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I’ve been using SSH an awful lot this week in an effort to resolve some issues with overseas users specifically with ssh -X. This great tip however assists in passwordless SSH which is useful if you are running scripts between two known hosts. While the Mac is being used as the host the principle applies for Linux/BSD too..
For those that rely on passwordless logins via ssh, rather than generating a new SSH key for a new client machine, you can easily move SSH keys from one computer to another. This is a quick and easy solution for a temporary machine or username or for use on an auxiliary workstation. You could also use this to copy SSH keys between user accounts on the same machine.
If you’re already connected to a networked Mac, using the Finder is an easy way to copy the SSH keys. First you’ll want to show hidden files in OS X either through defaults write or a tool likeDesktopUtility, then just open up the .ssh directory on both machines and do a drag and drop:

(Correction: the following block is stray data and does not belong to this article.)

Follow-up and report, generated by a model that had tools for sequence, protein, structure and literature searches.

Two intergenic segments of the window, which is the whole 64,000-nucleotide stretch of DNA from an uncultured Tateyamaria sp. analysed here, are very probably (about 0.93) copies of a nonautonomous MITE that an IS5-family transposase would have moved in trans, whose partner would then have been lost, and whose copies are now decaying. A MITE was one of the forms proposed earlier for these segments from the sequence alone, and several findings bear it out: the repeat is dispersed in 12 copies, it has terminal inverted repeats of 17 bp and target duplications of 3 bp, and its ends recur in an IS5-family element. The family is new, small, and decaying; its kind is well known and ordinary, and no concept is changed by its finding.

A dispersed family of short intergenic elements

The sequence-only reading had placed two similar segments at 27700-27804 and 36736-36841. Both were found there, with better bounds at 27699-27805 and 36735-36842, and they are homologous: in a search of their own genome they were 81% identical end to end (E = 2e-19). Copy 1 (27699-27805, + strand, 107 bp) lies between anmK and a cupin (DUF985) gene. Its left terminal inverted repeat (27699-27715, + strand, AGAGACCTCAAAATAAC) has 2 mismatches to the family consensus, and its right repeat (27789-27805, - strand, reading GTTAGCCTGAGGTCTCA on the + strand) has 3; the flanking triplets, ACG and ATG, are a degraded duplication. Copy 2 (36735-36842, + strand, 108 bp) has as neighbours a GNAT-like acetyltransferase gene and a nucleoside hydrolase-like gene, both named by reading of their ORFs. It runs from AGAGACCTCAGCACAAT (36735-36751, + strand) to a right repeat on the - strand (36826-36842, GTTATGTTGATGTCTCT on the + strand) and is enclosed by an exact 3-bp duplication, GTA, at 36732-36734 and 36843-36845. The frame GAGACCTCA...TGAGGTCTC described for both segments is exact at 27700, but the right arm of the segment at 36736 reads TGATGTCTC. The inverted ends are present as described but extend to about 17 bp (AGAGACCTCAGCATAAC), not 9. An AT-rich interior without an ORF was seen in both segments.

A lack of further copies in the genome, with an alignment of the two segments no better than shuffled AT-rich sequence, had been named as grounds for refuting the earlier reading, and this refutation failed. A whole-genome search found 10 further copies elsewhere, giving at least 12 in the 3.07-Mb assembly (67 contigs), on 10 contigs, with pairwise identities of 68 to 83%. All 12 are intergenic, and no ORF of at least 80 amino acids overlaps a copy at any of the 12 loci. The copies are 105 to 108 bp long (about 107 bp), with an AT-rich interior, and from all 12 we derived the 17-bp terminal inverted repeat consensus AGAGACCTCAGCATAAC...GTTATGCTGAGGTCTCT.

On the other hand, if you’re already in Terminal to enable hidden files, you may as well just use the command line to move them over.
Copying SSH Keys from the Command Line
Using the terminal is faster for many of us, you’ll obviously have to be connected to the other computer through a network for this to work.
cp .ssh/id_rsa* /Network/path/to/username/.ssh/
Simple enough, and will work for any version of OS X and most variations of unix or linux.
If you wanted to, you could also zip the key files and then transfer them through AirDrop, but that’s probably more work than necessary.
Because SSH keys allow for passwordless logins, you’ll want to securely delete or better yetsecurely format the hard drive before it goes to a new owner. This is especially true with temporary computers or loaner machines.